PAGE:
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Foreign writer sees 'black side' to church

Title: Foreign writer sees 'black side' to church
Date: Friday, 7 May 1982
Publisher: Clearwater Times (Florida)
Author: Laurie Hollman
Main source:
Alternate and/or complementary:, link (226 KiB)

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CLEARWATER — Sven Egil Omdal watched the Clearwater City Commission's public hearings on Scientology and then returned to the Surfside Holiday Inn Wednesday evening — to find the door to his room ajar.

He is sure he had locked it.

He is also sure the incident has something to do with a visit the 29-year-old Norwegian journalist made earlier in the day. He went to the former Fort Harrison Hotel, nerve center of the Clearwater-based church, and proffered his business card.

It says he is a staff reporter for VartLand, an Oslo newspaper with a nation-wide circulation of 30,000. It does not say he investigates cults or that he reports on the church or that he is doing research for a book on Scientology, but the blond, blue-eyed Omdal figures that Scientologists know that already.

THE BOOK is why Omdal stopped in Clearwater, fresh from covering the war in El Salvador. After seeing the bodies of murdered children, listening to guerrillas describe their adventures, trying to uncover what happened to four Dutch journalists killed in the Central American country, snatching white towels from hotels with hopes that terrycloth can protect him from gunfire, Omdal jokes that he is blase about bizarre goings-on in Clearwater.

Wednesday night he simply notified the security people at the hotel and switched rooms.

Many of the American reporters covering the hearings have ambivalent feelings about what the city of Clearwater is doing. Omdal does not.

"It's important to show the black side of Scientology," he says from a chair beside the Holiday Inn pool, where he has gone during an intermission in the hearings. "It's the duty of authorities" to look into the church, he says.

"A fraud is a fraud," he adds.

Omdal started researching cults in the early '70s when Children of God became popular in Norway. He was curious about the group's transformation from an almost conventional religion to an organization in which women were encouraged to become prostitutes.

HE WROTE a series of articles on Children of God for his hometown paper in western Norway, and they captured the eye of a publishing house. Omdal turned the pieces into a book, which was published in 1974 and sold 3,000 copies.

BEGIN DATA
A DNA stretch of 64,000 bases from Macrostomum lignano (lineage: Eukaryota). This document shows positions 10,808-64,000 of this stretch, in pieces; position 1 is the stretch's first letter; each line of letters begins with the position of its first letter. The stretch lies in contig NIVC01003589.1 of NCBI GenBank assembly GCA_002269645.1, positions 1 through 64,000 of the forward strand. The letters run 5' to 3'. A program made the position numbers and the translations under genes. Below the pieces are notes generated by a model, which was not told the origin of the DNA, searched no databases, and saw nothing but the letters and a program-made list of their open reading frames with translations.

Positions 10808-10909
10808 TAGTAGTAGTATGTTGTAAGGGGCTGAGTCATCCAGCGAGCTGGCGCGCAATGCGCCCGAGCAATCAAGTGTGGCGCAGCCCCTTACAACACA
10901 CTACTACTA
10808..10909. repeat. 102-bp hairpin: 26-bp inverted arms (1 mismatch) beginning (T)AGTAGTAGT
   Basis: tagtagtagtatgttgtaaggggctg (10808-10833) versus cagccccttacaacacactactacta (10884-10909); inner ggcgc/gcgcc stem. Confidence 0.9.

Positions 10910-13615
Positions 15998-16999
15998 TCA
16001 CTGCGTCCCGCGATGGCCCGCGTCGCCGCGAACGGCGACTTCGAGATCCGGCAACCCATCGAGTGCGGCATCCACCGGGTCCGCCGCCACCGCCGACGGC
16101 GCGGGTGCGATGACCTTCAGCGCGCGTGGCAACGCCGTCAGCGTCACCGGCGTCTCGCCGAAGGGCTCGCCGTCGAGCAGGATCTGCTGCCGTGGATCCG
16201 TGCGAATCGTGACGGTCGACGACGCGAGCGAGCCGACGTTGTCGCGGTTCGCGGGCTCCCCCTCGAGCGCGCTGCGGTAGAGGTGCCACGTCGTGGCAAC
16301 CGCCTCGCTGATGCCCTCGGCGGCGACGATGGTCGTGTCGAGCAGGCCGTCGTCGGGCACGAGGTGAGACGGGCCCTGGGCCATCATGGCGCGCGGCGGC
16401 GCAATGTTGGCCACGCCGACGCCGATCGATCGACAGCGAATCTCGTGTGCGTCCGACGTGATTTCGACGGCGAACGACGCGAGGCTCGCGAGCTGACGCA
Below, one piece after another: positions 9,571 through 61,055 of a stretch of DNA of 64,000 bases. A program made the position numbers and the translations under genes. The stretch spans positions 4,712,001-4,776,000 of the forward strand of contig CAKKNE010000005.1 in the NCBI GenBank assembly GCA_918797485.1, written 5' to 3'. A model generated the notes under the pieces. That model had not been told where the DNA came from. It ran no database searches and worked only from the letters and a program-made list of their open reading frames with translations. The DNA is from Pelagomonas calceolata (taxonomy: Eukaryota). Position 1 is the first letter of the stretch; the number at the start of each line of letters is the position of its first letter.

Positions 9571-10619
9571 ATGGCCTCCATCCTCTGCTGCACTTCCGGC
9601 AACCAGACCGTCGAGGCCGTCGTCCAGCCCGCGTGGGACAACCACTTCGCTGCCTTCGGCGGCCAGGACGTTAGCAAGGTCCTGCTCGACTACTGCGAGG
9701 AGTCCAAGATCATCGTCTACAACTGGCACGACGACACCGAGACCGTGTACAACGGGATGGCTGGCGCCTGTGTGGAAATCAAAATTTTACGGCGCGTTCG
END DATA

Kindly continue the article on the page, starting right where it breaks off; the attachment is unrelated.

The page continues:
His research brought him into contact with various cults, including the Unification Church, and he began collecting information on and writing about them.

In the spring of 1980, "everybody in Norway seemed to be talking about Scientology," and Omdal turned his attention to the church.

"As soon as I started writing," he recalls, "the Scientologists started fighting back."

Church members phoned him continuously, he says. deluged him with information — "to try to keep me busy" — stalked his movements and somehow found out that he was going to write a book about the church long before he had made it public knowledge.

DESPITE ALL this, Omdal managed to report on the clash between the Norwegian government and the church. He wrote about how the state consumer ombudsmen forbade the church from advertising its E-meter as a panacea for spiritual ailments. He also wrote about the church's application to start a drug-rehabilitation Narconon program in Norway. Permission to provide medical services is a boon in that country because the state takes care of expenses, he says.

Paulette Cooper, an outspoken critic of Scientology, credits Omdal with reducing the membership of the church in Norway from 1,000 people to less than 100.

Omdal says the church is much quieter now but gives credit to the Norwegian government.

Two facts of Norwegian life make it easier for that country to regulate Scientology, he says. Since Norway has an official church — the Evangelical Lutheran Church — there is no sharp delineation between church and state. Here, Scientologists have an easier time claiming that hostile governments violate their rights to practice their religion as they see fit.

Also, Norwegians are prevented from filing numerous lawsuits against their foes because they have to be prepared to pay all the expenses if they lose.

[Picture / Caption: SVEN EGIL OMDAL: . . . 'a fraud is a fraud.']